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Goldwater, W.E. (1978). A Model for Understanding and Treating the Impulsive Patient. Mod. Psychoanal., 3(2):173-196.

(1978). Modern Psychoanalysis, 3(2):173-196

A Model for Understanding and Treating the Impulsive Patient

W. Eugene Goldwater

The Problem of the Impulsive Patient

Psychoanalysis originated in the verbal study and treatment of persons suffering from a pathological excess of inhibitions. The classical psychoanalytic technique which was developed for these overcontrolled patients involved subjecting them to moderate levels of anxiety and frustration: anxiety induced by free association and by ego-oriented questions and interpretations, frustration caused by the neutrality of the analyst and by the strict limitations on the types of interactions that were permissible between patient and analyst. Patients whose egos are relatively strong, whose capacity for object transference is well developed, and in whom aggressive drives present relatively less of a threat than libidinal ones, can benefit from classical psychoanalysis.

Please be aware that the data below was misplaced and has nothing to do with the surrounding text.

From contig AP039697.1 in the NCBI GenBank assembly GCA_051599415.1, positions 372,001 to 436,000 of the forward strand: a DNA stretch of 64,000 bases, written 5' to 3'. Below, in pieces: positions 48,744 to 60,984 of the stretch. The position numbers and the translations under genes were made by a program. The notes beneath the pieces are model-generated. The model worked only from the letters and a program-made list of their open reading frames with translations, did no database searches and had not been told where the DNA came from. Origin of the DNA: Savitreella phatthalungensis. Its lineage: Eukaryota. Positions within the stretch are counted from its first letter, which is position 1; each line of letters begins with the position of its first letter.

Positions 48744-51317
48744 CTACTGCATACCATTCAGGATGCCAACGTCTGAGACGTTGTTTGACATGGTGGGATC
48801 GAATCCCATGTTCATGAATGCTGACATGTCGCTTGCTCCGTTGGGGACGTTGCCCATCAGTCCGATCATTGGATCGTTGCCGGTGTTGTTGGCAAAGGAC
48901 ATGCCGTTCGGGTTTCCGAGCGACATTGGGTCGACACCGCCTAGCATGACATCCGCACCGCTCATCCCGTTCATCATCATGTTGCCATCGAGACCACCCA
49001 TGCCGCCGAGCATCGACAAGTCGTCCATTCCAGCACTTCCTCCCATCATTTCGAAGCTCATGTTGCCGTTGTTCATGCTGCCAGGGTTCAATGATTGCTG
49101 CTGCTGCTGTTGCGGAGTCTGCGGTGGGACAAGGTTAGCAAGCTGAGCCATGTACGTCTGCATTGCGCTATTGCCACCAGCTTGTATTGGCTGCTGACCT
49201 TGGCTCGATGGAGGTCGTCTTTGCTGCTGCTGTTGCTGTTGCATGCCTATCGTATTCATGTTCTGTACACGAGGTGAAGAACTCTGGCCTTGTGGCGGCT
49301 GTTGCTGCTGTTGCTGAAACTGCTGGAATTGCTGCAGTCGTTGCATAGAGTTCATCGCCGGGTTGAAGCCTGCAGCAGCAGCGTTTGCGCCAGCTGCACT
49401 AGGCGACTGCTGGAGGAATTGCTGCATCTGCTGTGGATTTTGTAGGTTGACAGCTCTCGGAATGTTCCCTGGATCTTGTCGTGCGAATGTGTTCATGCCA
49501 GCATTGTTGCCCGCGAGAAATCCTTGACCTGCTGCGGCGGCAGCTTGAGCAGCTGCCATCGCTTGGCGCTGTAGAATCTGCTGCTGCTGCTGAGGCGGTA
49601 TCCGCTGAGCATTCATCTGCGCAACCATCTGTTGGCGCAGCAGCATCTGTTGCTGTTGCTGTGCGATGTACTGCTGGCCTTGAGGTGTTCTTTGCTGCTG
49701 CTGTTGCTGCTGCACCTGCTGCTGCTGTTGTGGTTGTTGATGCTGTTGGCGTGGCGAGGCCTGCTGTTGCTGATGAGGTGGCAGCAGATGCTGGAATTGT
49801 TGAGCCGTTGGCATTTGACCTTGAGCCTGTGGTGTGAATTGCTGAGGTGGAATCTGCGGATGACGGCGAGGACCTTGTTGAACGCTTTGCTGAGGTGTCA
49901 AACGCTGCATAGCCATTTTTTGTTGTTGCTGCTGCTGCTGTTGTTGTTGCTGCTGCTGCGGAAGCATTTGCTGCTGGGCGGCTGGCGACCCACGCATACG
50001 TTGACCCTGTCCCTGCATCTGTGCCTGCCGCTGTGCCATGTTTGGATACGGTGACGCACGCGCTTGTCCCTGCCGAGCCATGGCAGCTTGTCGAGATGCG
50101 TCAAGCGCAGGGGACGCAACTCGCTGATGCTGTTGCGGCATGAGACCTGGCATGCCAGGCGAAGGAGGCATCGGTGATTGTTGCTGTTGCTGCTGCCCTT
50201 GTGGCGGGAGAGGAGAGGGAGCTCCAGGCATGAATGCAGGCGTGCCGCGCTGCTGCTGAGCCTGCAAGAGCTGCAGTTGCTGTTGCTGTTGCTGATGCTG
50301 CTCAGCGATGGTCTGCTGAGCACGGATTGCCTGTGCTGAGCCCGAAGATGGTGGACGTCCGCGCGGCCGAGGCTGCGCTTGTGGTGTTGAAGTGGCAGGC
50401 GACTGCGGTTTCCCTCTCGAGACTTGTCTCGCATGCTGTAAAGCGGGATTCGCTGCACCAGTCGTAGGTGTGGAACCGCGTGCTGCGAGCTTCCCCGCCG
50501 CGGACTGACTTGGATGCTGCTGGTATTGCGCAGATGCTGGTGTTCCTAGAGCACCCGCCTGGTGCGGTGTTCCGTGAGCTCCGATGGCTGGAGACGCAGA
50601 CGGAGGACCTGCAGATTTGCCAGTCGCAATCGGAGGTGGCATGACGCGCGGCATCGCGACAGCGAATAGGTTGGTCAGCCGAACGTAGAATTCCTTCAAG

Modern psychoanalytic theory and technique originally was formulated to deal with schizophrenic patients (Spotnitz, 1969). These patients are for the most part overcontrolled, but are subject to periods of ego breakdown resulting in a psychotic state. They cannot tolerate the anxiety induced by the ego-oriented classical technique.

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